They hadn't gotten out because they were hungry, they just wanted an adventure, I guess. 

Once the cows were safe, (and the motorists were safe from the cows), I quickly changed clothes and headed back to repair the fence.  Bill, who helped on my farm, arrived just in time, and before long we had completely repaired/replaced the fence, the cows were back in their usual pasture, and calm reigned again. 

I have no idea what precipitated those cows to run wild.  They weren't hungry.  They had a safe, green pasture.  I may never know why they ran. 

One thing I did realize, all over again, was that running wild after them didn't help.  

It was only when I was still, centered, and holding something more attractive than the road on which they were running, that they finally turned and headed back to me. There's a lot of truth in that, isn't there? 

One really good thing came of the adventure.The fences they tore down were the last pieces of fencing that had not been replaced.  That stretch of fencing had bothered me for quite some time. Thanks to the race-cows, I had excellent fencing in the worst stretch, and it happened so fast I could hardly believe it.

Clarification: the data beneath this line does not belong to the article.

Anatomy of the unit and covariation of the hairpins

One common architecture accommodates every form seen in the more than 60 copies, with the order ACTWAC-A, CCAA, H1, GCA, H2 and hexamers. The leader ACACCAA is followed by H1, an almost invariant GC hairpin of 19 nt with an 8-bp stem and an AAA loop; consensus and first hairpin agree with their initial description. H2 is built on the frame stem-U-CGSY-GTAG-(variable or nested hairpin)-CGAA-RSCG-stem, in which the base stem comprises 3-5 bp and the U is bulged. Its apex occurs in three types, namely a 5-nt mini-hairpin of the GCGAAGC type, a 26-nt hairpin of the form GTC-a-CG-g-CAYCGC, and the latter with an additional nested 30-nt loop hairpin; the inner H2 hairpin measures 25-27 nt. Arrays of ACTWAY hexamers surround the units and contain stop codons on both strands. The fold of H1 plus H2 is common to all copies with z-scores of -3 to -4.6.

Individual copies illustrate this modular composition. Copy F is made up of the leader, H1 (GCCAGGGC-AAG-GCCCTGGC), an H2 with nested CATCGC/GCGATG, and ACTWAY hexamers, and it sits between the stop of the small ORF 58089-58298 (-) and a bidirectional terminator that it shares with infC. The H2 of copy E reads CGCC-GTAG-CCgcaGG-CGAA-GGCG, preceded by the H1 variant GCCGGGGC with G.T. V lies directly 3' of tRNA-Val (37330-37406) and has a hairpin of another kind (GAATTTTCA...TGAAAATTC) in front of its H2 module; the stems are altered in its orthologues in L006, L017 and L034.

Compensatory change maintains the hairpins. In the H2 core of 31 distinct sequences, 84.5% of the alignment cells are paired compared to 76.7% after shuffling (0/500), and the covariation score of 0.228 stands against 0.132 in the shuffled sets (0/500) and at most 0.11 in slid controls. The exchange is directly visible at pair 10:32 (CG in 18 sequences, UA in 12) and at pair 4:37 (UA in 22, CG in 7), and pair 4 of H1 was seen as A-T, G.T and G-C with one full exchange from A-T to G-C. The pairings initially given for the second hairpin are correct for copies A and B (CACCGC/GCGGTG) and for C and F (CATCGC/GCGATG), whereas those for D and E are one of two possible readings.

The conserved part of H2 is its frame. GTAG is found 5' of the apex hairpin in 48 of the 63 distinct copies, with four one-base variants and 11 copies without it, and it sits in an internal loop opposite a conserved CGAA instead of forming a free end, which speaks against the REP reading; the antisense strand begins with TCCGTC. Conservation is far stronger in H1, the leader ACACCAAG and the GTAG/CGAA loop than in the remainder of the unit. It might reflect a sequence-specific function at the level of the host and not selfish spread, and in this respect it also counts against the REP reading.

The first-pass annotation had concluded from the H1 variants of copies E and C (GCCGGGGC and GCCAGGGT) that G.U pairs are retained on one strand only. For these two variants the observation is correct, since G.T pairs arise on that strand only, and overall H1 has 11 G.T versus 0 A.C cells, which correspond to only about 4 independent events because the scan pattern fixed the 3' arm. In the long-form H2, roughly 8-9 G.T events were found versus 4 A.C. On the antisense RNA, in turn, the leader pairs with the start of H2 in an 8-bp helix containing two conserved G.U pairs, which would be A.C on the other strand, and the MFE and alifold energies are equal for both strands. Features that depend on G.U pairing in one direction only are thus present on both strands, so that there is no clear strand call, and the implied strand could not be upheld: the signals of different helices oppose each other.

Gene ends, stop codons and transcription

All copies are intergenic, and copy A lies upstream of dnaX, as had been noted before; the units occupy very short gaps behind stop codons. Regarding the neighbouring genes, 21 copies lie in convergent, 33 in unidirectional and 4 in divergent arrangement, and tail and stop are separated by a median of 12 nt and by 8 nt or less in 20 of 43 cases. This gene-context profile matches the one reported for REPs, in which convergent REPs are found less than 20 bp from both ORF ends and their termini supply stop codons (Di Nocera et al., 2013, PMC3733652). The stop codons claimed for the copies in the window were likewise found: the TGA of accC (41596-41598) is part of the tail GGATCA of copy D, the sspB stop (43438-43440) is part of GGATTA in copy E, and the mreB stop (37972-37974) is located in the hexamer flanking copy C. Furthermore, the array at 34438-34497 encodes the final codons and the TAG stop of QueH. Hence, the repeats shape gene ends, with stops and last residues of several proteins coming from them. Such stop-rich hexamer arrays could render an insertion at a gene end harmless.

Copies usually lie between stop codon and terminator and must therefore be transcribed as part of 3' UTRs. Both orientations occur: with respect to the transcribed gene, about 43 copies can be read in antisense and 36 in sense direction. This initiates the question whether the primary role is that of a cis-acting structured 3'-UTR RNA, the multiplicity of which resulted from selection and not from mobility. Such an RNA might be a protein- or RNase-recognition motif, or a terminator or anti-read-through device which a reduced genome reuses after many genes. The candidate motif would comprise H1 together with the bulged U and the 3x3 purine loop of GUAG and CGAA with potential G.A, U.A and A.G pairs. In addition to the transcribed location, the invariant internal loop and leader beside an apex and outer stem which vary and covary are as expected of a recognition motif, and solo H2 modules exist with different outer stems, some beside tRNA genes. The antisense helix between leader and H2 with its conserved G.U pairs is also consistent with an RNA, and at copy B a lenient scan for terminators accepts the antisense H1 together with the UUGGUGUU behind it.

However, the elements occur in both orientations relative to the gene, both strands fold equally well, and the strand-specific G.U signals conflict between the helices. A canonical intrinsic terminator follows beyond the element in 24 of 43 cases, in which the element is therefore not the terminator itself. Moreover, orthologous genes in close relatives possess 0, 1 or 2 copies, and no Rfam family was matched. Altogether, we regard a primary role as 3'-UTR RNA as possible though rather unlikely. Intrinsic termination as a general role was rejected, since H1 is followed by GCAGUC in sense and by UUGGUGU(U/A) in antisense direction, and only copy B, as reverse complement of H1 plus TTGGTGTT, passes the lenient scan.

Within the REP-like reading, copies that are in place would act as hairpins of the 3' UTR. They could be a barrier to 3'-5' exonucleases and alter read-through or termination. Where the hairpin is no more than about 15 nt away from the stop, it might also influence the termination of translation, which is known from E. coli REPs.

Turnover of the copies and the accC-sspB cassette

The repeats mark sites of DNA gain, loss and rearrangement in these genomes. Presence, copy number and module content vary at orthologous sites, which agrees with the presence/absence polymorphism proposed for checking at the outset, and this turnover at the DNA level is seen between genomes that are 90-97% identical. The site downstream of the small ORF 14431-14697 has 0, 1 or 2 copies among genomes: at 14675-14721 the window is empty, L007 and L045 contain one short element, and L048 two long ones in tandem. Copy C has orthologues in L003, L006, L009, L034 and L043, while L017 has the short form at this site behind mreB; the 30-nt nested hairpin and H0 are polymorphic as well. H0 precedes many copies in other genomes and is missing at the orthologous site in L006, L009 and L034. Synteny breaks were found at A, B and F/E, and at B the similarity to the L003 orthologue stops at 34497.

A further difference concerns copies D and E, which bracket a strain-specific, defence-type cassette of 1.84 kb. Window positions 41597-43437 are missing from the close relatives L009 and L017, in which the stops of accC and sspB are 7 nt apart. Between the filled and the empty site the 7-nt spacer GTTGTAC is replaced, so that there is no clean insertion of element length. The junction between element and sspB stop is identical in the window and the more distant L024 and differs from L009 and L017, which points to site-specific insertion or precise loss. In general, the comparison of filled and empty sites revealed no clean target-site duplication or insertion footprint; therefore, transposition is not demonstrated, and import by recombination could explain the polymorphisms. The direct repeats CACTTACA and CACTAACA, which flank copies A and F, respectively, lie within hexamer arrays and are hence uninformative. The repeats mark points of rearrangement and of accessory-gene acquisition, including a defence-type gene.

There are several lessons we can draw from this experience, but let's focus on the restlessness that drove cows with excellent pasture, a steady source of provision, and a nice owner to break free and frantically run straight into danger. 

We humans are no better than cows in resisting that restlessness that entices us to run away from the security of our Heavenly Father's care and lush pastures. When we succumb, we can find ourselves running headlong into the danger that can wreck our lives and leave untold destruction in our wake.

Drugs. Alcohol. Adultery. They can glitter like gold in the seductive light of temptation. Bitterness, unforgiveness, gossip, gluttony and a plethora of other sins can be just as enticing. When we step outside safe pastures, no matter what the temptation, we can find ourselves in a world of woe from which it's difficult to find our way back.

Scripture makes it sound so simple, and it is. Resist the devil. Flee temptation. Embrace truth. 

Stay inside the fence. It's there for a reason.

"With my whole heart I seek you; let me not wander from your commandments." Psalm 119:10 esv